Illustration for article titled Be Ready if Your Glasses Inevitably BreakPhoto: Lorenzo Sala (Shutterstock)

You step on your glasses in the middle of the night. Or a house fire melts your glasses frames. A tornado rips your glasses right off your face. Or a pandemic worsens, your glasses break, everything shuts down, there is no way to get a replacement. As a wearer of glasses, I’ve thought about all of these options and more. You may have done this too, but haven’t taken any steps to prepare for a potential future without glasses. Let’s fix that.

Get your glasses

Glasses can scratch and break, which is why you should have multiple pairs. I currently have five pairs available. Sure, glasses can get expensive and prescriptions can change – but an old prescription is better than nothing in an emergency. So keep it when you get a new pair. Keep extra pairs in your pocket, desk, and car. And if you have an emergency bag, make sure you have glasses there too.

If you are traveling far from home, bring an extra couple or two for your trip and separate them as if they were the President and Vice President leaving the capital. This is especially useful if you are camping, hiking, boating, or anywhere other than home (or as an optician).

Illustration for article titled Be Ready if Your Glasses Inevitably Break

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Avoid scratches

If possible, get scratch-resistant lenses and only clean them with an appropriate material such as a microfiber cloth. Eye Buy Direct warns against cleaning your glasses with your shirt, as clothing fibers can damage your lenses more than you might think; Paper towels and napkins can be worse.

In an emergency you can use Dish soap and warm water to clean your glasses without scratching the lenses. Use your fingertips and rub the lenses with a dish soap without lotion. Then rinse them off under warm water.

Another thing that you need is a suitable glasses case, which can range from cheap plastic to expensive leather. When you are not at home, you should always have an extra empty suitcase with you, as well as a glasses repair kit with small screws, a screwdriver, a cleaning cloth, nose pads and a magnifying glass. You should have two kits for every pair of glasses you have and keep them with your emergency glasses. You will never be without glasses or an easy fix when you need them.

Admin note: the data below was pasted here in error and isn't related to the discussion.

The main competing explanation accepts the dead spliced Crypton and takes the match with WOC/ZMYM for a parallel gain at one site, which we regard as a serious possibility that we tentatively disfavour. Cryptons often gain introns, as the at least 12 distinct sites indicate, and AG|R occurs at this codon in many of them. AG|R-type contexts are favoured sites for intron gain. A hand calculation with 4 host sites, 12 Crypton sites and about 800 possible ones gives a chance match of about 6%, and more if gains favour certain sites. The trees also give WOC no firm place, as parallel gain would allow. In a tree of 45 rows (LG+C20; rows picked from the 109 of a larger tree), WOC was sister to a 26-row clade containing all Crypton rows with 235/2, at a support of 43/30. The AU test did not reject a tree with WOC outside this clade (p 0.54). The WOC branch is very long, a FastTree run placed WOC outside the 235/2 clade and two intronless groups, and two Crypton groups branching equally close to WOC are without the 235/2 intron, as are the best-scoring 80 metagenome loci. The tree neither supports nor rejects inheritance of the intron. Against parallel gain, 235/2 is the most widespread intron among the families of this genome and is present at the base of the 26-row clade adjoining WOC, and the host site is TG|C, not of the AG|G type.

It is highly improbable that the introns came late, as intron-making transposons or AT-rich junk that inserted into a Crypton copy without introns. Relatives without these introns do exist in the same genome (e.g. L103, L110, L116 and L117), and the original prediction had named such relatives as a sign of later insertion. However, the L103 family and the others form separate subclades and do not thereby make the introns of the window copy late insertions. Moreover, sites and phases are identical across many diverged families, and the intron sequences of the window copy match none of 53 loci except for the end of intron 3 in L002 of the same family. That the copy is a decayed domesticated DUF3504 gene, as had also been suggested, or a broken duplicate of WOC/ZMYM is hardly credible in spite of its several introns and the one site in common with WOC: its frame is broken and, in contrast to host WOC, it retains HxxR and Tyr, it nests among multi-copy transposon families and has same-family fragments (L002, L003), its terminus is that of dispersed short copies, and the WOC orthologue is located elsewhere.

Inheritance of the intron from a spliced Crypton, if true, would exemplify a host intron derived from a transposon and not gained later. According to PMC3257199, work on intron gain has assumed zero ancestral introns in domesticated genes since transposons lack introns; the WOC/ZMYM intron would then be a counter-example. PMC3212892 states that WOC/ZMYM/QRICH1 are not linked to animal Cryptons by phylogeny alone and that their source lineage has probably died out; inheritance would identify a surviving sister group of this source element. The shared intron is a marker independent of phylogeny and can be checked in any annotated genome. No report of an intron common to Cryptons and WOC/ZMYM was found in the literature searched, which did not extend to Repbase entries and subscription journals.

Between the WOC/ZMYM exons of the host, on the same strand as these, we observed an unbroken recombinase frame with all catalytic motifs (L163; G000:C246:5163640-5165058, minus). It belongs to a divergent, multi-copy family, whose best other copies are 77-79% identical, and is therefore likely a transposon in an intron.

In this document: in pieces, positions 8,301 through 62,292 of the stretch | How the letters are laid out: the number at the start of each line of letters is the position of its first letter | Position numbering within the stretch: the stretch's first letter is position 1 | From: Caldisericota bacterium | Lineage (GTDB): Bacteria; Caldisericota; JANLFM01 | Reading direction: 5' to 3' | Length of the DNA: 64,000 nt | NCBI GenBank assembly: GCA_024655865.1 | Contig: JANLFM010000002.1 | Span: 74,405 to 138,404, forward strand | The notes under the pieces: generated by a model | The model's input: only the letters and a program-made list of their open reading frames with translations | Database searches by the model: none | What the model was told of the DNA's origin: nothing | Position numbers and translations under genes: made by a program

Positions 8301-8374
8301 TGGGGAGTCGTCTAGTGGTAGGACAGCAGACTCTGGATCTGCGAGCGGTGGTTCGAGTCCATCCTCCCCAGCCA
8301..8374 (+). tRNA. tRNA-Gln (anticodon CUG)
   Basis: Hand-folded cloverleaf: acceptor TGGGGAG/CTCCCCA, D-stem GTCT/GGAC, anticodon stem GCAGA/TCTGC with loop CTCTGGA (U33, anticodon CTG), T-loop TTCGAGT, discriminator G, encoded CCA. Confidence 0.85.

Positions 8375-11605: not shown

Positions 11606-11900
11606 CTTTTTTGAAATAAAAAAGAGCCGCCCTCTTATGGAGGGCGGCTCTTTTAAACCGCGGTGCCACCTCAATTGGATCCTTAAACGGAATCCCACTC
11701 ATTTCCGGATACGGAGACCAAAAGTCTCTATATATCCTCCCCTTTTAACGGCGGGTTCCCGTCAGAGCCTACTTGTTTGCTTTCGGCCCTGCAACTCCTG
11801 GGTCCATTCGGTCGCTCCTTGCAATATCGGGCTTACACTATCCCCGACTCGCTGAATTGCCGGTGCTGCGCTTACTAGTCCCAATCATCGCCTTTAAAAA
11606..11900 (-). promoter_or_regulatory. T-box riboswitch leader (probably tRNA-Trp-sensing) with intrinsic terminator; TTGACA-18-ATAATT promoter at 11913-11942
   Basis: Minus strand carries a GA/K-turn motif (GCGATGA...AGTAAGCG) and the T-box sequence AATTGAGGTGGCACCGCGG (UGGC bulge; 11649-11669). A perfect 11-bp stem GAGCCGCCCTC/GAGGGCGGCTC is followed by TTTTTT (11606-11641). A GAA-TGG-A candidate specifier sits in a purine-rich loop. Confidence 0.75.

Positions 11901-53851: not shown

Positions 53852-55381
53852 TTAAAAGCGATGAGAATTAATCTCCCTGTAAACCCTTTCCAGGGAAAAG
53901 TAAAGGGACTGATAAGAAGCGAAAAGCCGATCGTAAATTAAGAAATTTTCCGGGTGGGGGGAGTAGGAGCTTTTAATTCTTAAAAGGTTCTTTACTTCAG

Plan for worst-case scenarios

In desperate times, you can use white glue and magazine paper bind temporarily a broken eyeglass bridge by peeling off the magazine paper in horizontal strips, adding glue and layering it on both sides. Glue and newspaper can essentially create a paper mache bond that can take a short while before you get to one of your replacement pairs. If you lose an eyeglass screw and need MacGyver in an emergency, you can use tweezers to insert a twisted tie into the screw hole.

Illustration for article titled Be Ready if Your Glasses Inevitably Break

Know how to manage your fuse contacts

Contacts are incredibly useful in everyday life, but they can be dangerous in a disaster situation as they require clean water and an antibacterial solution. Without clean contact lenses, your eyes are prone to infection like bacterial and Fungal keratitis.

If you don’t have a contact solution, antibacterial fluid can do the trick, however Soap and water is the best alternative. However, whether you are camping or just stuck indoors during a global pandemic, stocking up with contact solutions is obviously the best option. “An eye infection would most likely be your greatest threat when you are in touch with the apocalypse,” he says DR. Bullets, a specialist in LASIK and vision correction.

Unfortunately, contact lenses expire: a pair of open, disposable contacts can last anywhere from a day to a month, hard contacts last up to a year or more. An unopened contact package can take time up to three years. So if you set aside contacts for use in a bond, you need to keep track of when they expire. And have glasses ready too. Maybe several couples.